ISSN: 1578-665X | e-ISSN: 2014-928X An international journal devoted to the study and conservation of animal biodiversity, open-access, free for authors, driven by a fast-paced editorial process that includes assessment by experts. It is published twice a year.

Limits to natural variation: implications for systemic management

Fowler, C. W.  Hobbs, L. 


Collectively, the tenets and principles of management emphasize the importance of recognizing and understanding limits. These tenets require the demonstration, measurement and practical use of information about limits to natural variation. It is important to identify limits so as not to incur the risks and loss of integrity when limits are exceeded. Thus, by managing within natural limits, humans (managers) simultaneously can achieve sustainability and minimize risk, as well as account for complexity. This is at the heart of systemic management. Systemic management embodies the basic tenets of management. One tenet requires that management ensure that nothing exceed the limits observed in its natural variation. This tenet is based on the principle that variation is constrained by a variety of limiting factors, many of which involve risks. Another tenet of management requires that such factors be considered simultaneously, exhaustively, and in proportion to their relative importance. These factors, in combination, make up the complexity that managers are required to consider in applying the basic principles of management. This combination of elements is reflected in observed limits to natural variation that account for each factor and its relative importance. This paper summarizes conclusions from the literature that has addressed the concept of limits to natural variation, especially in regard to management. It describes: 1. How such limits are inherent to complex systems; 2. How limits have been recognized to be important to the process of management; 3. How they can be used in management. The inherent limits include both those set by the context in which systems occur (extrinsic factors) as well as those set by the components and processes within systems (intrinsic factors). This paper shows that information about limits is of utility in guiding human action to fit humans within the normal range of natural variation. This is part of systemic management: finding an integral and sustainable place for humans in systems such as ecosystems and the biosphere. Another part of sustainability, however, involves action to promote systems capable of sustainably supporting humans and human activities, not only as individuals, but also as a species. It is important to distinguish what can and what can not be done in this regard.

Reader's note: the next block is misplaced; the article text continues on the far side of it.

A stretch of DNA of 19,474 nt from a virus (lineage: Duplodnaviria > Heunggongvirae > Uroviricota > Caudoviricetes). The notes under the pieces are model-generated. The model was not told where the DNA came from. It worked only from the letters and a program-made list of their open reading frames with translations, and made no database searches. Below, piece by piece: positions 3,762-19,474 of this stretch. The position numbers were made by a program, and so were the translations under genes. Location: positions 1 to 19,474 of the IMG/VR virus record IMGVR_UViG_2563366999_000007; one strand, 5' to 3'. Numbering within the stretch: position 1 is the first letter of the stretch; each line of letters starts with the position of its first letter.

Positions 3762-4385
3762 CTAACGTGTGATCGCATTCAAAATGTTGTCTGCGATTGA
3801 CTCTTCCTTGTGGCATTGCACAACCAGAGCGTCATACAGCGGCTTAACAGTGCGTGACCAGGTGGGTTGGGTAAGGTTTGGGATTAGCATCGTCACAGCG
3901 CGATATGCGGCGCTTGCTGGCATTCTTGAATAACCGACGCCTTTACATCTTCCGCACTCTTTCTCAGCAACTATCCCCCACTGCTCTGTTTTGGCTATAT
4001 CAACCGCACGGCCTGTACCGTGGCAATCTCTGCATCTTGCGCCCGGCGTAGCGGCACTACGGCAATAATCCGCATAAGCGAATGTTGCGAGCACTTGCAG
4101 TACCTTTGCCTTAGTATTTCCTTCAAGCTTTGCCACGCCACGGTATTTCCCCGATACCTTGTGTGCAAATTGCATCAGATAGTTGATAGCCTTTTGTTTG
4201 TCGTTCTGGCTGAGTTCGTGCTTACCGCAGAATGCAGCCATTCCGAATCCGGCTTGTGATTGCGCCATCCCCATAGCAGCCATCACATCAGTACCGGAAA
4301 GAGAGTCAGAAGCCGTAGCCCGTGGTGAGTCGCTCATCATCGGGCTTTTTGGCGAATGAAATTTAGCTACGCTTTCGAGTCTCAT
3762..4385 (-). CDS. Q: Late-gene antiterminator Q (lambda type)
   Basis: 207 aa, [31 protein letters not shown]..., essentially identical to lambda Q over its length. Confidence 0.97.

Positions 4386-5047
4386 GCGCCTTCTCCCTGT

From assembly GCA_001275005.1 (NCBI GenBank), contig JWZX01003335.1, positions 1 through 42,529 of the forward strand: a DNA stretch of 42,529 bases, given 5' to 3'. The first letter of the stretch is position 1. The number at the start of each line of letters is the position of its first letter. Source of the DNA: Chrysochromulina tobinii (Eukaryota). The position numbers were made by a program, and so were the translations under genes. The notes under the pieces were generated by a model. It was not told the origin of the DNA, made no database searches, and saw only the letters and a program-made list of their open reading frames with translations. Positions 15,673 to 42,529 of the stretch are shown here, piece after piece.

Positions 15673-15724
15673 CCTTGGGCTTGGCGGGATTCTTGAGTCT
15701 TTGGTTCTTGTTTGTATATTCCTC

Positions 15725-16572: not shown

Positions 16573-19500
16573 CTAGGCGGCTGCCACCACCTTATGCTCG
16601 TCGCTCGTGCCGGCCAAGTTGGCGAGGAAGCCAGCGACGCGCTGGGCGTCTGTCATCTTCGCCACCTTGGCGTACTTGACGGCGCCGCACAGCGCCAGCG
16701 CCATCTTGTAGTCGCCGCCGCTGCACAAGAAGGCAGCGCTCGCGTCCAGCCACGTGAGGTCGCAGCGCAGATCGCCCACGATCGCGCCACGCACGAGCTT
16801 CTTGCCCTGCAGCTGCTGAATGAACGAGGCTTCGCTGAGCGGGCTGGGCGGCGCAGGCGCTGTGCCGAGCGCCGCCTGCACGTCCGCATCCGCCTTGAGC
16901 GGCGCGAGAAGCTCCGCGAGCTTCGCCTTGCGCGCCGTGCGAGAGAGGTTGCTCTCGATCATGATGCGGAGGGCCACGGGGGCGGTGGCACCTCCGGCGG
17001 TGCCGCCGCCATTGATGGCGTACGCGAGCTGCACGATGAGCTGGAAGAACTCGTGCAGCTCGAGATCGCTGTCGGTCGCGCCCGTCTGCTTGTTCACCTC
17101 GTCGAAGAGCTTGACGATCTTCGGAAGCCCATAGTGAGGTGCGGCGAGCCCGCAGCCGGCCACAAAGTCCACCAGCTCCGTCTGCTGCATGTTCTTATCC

Key words

Systemic management, Limits, Variation, Ecosystems, Single species, Resources

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Índex de Volume 25.2 (2002)